RICHARDSON: By that, I mean civil administration, police work.
HANNITY: I've got to -- look, I think we do support it. I am convinced that the United Nations, as an agency, has been rendered impotent, because we passed one resolution after another. We promised severe consequences.
And when the moment comes that we've got to hold these terror regimes or these dictators responsible, they back down. They back up. They go into meetings and then they just pass another meaningless resolution.
And the idea that we're going to go back to these people -- and that's what I like about George Bush. He says what he means and he means what he says. And he follows through on his promises.
RICHARDSON: But Sean, look what's happening now. Right now our troops, the situation in Iraq is not in good shape. You agree with that.
HANNITY: No, I think we're in great shape. I think we're in great shape, compared to where we were, sir. We've got 25 million people freed. Uday (search) and Qusay (search) are dead and Saddam is captured.
RICHARDSON: I worry about our troops. I worry about our international standing. I worry that we don't have a strategy for getting out, for reconstruction, for a transition.
And all I'm saying is, look, forget the Security Council. The Security Council, remember, of the United Nations is five countries: France, Britain, the United States, China, and Russia.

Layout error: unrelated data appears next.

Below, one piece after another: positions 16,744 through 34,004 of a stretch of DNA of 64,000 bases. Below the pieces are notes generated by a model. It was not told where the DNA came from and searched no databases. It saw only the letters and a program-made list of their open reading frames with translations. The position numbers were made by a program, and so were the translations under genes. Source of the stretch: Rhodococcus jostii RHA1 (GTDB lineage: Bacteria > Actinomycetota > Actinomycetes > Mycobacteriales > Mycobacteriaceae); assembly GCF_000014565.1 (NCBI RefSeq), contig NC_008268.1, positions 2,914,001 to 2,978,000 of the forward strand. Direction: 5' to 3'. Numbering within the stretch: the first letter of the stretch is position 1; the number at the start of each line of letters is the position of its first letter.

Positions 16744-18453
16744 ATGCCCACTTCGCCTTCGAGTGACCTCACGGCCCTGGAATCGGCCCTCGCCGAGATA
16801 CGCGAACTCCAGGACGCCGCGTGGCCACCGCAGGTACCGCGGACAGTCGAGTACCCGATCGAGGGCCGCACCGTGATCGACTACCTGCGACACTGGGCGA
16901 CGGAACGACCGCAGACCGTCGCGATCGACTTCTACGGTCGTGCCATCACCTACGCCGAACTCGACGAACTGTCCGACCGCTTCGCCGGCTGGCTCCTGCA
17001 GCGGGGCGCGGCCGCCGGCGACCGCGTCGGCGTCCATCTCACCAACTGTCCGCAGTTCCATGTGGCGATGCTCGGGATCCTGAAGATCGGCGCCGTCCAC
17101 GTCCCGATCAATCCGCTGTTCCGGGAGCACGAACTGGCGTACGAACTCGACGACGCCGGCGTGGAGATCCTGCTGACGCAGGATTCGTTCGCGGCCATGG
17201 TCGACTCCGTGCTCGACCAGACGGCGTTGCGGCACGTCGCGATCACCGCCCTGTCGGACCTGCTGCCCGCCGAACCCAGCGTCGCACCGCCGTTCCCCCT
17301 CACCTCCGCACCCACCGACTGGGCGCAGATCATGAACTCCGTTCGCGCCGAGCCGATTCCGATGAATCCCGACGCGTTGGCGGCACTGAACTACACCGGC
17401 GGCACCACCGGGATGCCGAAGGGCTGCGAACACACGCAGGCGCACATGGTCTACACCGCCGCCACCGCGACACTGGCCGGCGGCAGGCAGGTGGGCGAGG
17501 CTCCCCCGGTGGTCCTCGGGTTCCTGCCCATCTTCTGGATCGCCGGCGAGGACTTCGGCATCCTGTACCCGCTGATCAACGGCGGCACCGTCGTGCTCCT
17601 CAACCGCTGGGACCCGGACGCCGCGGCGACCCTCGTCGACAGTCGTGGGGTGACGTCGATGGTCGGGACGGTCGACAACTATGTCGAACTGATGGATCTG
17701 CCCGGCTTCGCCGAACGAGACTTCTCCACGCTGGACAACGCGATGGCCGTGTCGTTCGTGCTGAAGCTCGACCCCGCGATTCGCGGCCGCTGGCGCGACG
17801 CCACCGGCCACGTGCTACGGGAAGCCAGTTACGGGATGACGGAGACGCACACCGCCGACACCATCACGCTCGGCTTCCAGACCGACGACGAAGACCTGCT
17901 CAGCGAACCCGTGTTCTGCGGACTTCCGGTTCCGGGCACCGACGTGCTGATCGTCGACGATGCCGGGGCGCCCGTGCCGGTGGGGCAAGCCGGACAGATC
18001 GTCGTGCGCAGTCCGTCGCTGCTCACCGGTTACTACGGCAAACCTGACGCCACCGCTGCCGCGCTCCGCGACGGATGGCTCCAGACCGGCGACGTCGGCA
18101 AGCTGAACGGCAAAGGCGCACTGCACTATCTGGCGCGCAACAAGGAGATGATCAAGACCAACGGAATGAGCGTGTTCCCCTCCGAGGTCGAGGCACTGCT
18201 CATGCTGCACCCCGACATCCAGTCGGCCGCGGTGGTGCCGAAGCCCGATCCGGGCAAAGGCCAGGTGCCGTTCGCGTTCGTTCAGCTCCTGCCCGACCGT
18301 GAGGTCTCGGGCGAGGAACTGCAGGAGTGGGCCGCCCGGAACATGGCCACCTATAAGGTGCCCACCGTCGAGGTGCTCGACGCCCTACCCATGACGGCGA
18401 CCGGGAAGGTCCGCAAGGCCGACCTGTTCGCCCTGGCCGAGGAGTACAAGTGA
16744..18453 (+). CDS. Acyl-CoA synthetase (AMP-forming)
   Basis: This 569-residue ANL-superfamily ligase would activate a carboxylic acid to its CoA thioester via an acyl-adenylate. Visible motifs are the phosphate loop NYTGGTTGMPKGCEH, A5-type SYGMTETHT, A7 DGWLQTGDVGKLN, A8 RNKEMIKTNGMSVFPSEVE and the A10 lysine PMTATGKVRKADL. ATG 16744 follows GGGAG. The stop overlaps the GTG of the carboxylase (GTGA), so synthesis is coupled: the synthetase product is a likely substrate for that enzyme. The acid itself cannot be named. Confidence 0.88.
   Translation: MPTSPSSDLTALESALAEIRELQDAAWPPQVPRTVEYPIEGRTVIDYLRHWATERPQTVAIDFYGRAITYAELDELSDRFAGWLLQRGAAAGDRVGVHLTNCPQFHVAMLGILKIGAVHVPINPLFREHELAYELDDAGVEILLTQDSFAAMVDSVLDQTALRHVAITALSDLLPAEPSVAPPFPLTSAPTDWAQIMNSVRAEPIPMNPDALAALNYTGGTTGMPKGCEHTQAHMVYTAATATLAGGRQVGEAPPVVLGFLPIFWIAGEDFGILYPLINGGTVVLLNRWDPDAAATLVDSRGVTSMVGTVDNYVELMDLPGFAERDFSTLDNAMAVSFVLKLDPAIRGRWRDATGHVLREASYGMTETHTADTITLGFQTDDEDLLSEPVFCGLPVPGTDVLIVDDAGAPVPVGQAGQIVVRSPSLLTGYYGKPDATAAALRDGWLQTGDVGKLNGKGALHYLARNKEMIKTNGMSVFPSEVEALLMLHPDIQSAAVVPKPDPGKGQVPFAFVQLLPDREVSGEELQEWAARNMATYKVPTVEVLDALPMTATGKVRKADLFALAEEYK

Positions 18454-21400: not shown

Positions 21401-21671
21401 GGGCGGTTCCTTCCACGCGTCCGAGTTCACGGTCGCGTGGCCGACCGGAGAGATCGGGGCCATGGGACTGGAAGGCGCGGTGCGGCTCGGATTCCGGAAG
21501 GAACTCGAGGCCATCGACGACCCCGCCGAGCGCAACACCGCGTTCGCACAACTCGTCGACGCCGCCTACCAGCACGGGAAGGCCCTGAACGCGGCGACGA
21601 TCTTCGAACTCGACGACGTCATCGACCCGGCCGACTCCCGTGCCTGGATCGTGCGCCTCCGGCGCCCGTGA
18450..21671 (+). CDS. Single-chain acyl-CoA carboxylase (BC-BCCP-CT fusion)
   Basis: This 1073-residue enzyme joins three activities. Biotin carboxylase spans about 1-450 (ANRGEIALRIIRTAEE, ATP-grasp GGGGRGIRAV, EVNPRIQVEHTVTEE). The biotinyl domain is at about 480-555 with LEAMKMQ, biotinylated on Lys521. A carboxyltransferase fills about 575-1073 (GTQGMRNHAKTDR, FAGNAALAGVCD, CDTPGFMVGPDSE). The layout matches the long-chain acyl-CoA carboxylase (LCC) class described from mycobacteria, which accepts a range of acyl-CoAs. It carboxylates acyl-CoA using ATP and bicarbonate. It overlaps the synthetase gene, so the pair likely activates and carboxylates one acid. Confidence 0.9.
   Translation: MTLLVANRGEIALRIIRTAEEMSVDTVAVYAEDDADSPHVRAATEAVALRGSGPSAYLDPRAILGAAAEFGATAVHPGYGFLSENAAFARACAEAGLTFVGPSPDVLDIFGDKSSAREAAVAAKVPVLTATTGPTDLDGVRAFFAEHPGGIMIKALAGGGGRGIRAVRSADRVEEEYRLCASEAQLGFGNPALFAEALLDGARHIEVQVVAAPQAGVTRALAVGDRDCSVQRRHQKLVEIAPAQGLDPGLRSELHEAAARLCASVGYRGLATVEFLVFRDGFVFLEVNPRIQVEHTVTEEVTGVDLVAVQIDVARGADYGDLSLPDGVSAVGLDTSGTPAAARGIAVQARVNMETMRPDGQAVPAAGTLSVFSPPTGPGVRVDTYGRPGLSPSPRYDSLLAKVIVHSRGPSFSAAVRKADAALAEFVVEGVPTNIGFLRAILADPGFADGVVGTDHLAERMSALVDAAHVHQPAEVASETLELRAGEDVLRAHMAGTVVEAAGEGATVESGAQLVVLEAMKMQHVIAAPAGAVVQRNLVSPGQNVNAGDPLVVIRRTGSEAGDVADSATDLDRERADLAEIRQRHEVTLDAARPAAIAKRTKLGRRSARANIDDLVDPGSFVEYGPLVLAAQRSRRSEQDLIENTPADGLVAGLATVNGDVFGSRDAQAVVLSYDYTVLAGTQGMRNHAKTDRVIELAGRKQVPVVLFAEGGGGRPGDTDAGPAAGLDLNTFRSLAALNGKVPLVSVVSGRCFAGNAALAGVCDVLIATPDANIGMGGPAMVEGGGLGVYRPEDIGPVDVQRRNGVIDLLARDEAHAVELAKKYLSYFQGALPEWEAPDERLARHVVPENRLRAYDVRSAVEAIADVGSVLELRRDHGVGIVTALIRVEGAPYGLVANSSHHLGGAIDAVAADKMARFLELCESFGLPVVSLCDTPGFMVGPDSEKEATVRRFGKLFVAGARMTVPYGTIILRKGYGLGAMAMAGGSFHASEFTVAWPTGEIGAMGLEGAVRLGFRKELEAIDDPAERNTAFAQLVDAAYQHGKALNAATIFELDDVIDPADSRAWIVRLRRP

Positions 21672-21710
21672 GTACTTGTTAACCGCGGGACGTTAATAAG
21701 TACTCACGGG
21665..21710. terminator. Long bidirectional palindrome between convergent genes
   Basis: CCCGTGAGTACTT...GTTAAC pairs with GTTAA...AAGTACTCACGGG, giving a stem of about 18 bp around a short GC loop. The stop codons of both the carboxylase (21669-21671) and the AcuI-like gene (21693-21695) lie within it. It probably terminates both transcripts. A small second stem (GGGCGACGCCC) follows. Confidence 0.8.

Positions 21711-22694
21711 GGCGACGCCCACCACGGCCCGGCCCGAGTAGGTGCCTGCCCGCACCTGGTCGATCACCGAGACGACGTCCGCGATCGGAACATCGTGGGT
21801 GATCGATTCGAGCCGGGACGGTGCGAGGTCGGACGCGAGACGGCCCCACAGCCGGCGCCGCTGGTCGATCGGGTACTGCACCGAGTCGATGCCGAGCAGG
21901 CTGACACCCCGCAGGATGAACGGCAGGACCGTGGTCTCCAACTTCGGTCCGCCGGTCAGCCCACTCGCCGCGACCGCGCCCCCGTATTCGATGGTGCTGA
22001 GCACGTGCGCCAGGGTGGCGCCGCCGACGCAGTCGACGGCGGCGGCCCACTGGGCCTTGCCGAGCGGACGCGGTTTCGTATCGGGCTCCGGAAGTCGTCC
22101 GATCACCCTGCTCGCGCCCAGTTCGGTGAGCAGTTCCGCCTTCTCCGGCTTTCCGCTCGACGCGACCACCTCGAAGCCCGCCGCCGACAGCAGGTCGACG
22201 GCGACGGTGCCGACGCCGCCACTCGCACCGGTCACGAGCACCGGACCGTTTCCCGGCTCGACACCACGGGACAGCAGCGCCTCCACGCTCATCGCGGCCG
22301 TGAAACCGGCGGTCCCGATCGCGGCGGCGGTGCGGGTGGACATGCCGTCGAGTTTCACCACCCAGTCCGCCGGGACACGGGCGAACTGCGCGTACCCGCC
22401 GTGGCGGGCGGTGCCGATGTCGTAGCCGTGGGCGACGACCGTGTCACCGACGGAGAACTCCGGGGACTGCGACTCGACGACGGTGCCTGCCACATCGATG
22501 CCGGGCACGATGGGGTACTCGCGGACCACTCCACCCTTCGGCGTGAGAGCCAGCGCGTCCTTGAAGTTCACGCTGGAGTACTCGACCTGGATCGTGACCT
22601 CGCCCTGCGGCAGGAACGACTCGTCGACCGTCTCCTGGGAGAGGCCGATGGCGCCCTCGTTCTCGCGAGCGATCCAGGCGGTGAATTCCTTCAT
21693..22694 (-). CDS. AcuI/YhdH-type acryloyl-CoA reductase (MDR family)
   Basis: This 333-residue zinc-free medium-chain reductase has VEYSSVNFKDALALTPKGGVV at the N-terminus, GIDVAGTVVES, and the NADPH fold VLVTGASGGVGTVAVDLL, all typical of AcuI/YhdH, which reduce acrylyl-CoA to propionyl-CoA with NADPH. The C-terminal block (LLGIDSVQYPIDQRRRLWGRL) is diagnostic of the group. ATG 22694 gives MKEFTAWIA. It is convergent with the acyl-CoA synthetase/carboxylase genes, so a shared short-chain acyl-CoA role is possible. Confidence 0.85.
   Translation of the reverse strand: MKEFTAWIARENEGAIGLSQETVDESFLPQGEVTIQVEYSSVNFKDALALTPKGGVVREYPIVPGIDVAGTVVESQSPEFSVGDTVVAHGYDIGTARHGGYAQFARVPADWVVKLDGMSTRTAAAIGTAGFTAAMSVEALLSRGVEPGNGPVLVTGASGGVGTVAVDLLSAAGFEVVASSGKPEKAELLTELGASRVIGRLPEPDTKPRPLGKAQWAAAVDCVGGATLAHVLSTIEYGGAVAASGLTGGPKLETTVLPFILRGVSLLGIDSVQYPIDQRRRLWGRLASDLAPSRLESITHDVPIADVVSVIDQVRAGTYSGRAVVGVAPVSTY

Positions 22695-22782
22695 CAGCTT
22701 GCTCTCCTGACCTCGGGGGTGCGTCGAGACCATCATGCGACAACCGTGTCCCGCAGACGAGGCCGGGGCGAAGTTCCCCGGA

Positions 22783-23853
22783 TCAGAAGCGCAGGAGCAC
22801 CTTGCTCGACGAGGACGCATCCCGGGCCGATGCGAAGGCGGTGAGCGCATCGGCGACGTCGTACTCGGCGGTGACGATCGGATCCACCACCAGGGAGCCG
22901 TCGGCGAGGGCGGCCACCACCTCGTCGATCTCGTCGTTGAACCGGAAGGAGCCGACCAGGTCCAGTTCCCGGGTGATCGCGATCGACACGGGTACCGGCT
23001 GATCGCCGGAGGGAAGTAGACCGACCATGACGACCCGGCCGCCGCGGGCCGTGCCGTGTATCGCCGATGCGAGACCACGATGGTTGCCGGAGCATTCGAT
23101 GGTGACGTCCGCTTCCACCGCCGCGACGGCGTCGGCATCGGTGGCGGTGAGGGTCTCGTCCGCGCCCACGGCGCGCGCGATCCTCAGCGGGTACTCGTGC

But what we need to do is take the lead, the United States, in the Security Council, and say to the Iraqi Governing Council, yes, we accept what you're proposing. Get the Iraqi Governing Council together.
The U.N. is very good at technical assistance, at reconstruction. They're very good at civil administration.
COLMES: Governor, it's Alan Colmes.
RICHARDSON: They should be doing this.
COLMES: Welcome you, good to have you back on the show.
Just to pick up on Sean's line of questioning. Why would those countries who do not go along with us last time, why would they now go along with the United States and what we want to do there, if they wouldn't go along at the time we actually went to war in Iraq?
RICHARDSON: Well, first of all, the Iraqi Governing Council, this represents the Iraqi people. They're asking for this.
And I think the United Nations knows that it has an obligation to be part of this. The U.N. is now concerned for security reasons.
But if we put our muscle, and we get our allies and say to our allies. I think we've got to be a little humble and say, "Look, we're in this together. We all have to help. We all have to get peacekeeping."